SRCA Test Req. No. Test M C R

SSR No. System Safety Requirement (SSR) SC

3

4

5

6

7

8

9

10

Figure 10.3 SRCA requirements correlation matrix worksheet.

174

SAFETY REQUIREMENTS/CRITERIA ANALYSIS

6. Hazard Action Record (HAR) Number This column identi?es the HAR or HARs associated with the SSR. The SSR may be providing mitigation for one or more hazards. 7. Top-Level Mishap (TLM) Number This column identi?es the TLM associated with the SSR. 8. Design Requirement Number This column identi?es the speci?c design requirement that implements the SSR. 9. Test Requirement Number This column identi?es the speci?c test requirement or requirements that test the SSR. 10. Test This column provides information regarding testing of the SSR. Three different types of information are provided: a. M This column identi?es the test method used: test (T), analysis (A), inspection (I), and not (N) done. b. C This column identi?es the test coverage: explicitly (E) tested by a speci?c test or implicitly (I) tested through another test. c. R This column identi?es the test results: pass (P) or fail (F). Figure 10.4 contains the recommended SRCA correlation worksheet for the traceability of SSR compliance with safety guideline and criteria. The information required under each column of the guideline correlation matrix worksheet is described below: 1. System This column identi?es the system under analysis. 2. Subsystem This column identi?es the subsystem under analysis. 3. Guideline Number This column identi?es the requirement number from the guideline or criteria document.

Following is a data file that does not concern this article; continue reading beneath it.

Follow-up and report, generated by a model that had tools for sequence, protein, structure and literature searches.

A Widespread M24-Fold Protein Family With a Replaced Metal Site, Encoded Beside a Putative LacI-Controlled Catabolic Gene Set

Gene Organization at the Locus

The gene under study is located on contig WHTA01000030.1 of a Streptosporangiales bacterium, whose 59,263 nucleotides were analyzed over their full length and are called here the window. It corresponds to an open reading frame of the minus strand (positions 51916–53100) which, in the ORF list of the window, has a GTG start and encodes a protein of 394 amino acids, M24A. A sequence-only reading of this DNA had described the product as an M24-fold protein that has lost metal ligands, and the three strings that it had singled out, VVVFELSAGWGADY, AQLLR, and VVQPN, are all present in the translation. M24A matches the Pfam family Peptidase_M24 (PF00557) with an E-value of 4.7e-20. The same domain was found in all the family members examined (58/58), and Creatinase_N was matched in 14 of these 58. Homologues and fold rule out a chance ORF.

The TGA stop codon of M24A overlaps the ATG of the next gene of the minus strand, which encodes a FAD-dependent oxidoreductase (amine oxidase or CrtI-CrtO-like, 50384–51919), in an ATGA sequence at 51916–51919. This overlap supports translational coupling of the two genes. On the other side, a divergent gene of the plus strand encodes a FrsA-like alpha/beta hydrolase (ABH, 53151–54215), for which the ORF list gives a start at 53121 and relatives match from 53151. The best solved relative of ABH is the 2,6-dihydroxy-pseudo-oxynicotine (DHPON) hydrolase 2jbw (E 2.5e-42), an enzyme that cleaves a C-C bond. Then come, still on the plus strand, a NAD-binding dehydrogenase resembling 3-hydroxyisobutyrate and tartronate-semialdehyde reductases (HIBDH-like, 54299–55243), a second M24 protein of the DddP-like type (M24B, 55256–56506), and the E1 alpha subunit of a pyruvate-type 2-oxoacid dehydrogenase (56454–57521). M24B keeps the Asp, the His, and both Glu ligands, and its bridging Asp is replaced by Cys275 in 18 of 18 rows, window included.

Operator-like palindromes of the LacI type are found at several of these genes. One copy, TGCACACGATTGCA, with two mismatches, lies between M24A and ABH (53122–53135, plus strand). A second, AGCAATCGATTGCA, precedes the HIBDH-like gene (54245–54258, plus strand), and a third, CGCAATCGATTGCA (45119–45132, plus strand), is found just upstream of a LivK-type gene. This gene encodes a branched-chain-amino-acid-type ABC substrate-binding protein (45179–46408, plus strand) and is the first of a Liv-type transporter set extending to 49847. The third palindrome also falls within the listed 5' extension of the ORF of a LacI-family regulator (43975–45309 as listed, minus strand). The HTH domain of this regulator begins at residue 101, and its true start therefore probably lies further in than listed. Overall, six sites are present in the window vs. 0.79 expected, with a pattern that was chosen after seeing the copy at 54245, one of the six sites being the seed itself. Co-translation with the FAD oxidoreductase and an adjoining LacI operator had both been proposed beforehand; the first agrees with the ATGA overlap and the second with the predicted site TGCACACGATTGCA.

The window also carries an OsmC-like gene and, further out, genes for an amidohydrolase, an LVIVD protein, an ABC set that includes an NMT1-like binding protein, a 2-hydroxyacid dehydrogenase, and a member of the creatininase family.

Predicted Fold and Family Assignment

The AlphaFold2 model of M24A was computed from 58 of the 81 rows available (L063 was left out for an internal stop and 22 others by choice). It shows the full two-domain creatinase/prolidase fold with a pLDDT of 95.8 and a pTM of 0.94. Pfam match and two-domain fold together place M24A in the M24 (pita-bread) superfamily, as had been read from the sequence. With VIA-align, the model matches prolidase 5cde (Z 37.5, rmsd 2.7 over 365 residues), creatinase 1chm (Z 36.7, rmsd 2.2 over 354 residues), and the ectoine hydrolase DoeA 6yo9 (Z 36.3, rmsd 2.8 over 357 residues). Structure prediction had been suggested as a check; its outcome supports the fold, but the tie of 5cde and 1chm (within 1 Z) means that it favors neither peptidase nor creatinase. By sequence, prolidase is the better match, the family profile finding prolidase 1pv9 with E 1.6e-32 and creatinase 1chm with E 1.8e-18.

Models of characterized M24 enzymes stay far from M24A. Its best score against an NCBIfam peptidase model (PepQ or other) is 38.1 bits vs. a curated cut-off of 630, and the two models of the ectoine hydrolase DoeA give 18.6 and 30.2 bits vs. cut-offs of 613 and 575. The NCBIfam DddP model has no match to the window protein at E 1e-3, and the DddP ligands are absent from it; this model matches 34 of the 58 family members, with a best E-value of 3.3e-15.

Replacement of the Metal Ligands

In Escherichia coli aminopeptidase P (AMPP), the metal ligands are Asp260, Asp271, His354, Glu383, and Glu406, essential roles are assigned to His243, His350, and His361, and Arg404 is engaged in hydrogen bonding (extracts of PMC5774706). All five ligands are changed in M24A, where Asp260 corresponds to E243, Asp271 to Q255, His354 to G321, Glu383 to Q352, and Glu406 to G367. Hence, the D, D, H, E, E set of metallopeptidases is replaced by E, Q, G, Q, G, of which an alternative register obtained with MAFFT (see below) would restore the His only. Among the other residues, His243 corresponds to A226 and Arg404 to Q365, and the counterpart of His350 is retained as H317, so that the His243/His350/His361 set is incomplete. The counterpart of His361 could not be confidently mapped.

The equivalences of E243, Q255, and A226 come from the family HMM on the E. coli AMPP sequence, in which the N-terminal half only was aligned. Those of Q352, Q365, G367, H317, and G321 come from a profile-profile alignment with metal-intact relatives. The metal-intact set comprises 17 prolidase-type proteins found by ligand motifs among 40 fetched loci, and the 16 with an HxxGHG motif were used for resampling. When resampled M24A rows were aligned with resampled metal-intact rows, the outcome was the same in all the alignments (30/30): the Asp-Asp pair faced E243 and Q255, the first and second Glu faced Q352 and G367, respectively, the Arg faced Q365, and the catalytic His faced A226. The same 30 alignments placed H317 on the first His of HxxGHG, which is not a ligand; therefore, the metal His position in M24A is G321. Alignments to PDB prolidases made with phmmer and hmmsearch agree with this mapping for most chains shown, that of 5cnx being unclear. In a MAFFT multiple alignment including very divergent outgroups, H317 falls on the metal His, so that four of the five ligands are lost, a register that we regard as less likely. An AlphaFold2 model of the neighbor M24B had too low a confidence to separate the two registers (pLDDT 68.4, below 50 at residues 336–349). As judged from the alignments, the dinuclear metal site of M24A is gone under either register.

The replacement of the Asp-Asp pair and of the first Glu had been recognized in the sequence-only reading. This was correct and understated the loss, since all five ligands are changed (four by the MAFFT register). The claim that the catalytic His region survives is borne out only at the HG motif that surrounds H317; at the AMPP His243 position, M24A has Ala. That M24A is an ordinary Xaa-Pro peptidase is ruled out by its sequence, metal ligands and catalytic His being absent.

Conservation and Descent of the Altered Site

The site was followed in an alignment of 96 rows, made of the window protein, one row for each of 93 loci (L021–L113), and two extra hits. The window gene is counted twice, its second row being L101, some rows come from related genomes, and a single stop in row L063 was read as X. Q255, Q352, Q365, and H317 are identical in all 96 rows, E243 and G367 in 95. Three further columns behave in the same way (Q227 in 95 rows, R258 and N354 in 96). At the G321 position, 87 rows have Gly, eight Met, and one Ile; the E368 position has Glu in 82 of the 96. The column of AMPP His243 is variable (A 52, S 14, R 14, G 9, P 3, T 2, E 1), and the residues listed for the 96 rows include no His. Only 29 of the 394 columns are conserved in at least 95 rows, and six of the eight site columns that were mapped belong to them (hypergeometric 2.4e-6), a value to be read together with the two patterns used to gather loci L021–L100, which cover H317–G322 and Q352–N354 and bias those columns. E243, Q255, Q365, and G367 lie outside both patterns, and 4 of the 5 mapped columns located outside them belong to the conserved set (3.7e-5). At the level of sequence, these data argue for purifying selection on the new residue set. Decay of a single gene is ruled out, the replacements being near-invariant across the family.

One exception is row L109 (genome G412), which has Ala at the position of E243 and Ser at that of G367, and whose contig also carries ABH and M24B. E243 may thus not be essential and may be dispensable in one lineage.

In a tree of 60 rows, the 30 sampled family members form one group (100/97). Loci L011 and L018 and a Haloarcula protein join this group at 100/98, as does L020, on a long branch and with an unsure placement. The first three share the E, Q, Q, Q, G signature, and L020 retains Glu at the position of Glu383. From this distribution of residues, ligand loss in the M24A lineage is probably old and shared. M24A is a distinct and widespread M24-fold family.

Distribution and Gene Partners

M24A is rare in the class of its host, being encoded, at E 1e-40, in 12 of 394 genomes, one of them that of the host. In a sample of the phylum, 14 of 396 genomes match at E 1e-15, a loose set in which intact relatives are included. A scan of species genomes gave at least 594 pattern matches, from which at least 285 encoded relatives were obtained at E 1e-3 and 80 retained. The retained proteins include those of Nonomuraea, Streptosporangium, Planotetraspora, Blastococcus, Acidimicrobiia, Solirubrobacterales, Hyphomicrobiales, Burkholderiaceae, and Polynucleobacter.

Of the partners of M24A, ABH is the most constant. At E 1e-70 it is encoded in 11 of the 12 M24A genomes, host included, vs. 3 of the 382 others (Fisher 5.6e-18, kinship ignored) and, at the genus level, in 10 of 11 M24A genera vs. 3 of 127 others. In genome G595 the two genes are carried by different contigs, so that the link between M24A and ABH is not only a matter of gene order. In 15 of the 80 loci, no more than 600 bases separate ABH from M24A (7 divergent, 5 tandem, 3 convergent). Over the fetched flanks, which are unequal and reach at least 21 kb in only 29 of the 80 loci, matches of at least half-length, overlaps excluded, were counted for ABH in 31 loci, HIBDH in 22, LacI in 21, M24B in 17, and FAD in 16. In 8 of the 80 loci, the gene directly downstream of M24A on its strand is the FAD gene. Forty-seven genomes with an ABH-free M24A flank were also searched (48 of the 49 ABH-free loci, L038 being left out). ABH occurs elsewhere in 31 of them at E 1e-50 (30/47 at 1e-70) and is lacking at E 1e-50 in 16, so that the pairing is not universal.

System: 1 Subsystem: Guideline Number

2

Guideline Compliance Matrix Guideline Requirement SSR Number

SRCA Comments
Implement F P N

3

4

5

6

7

Figure 10.4 Guideline correlation matrix worksheet.

10.8 ADVANTAGES AND DISADVANTAGES

175

4. Guideline Requirement This column contains the actual text of the guideline requirement. 5. SSR Number This column identi?es the speci?c SSR that implements the design guideline requirement. 6. Comments This column provides for any necessary discussion associated with the guideline requirement. For example, if the guideline is only partially implemented or not implemented at all, suf?cient rationale and justi?cation must be provided. 7. Implement This column provides information regarding implementation of the design guideline. Check the particular column that is applicable: a. Full (F) implementation by the SSR b. Partial (P) implementation by the SSR c. Not (N) implemented (not applicable or not possible)

10.7

EXAMPLE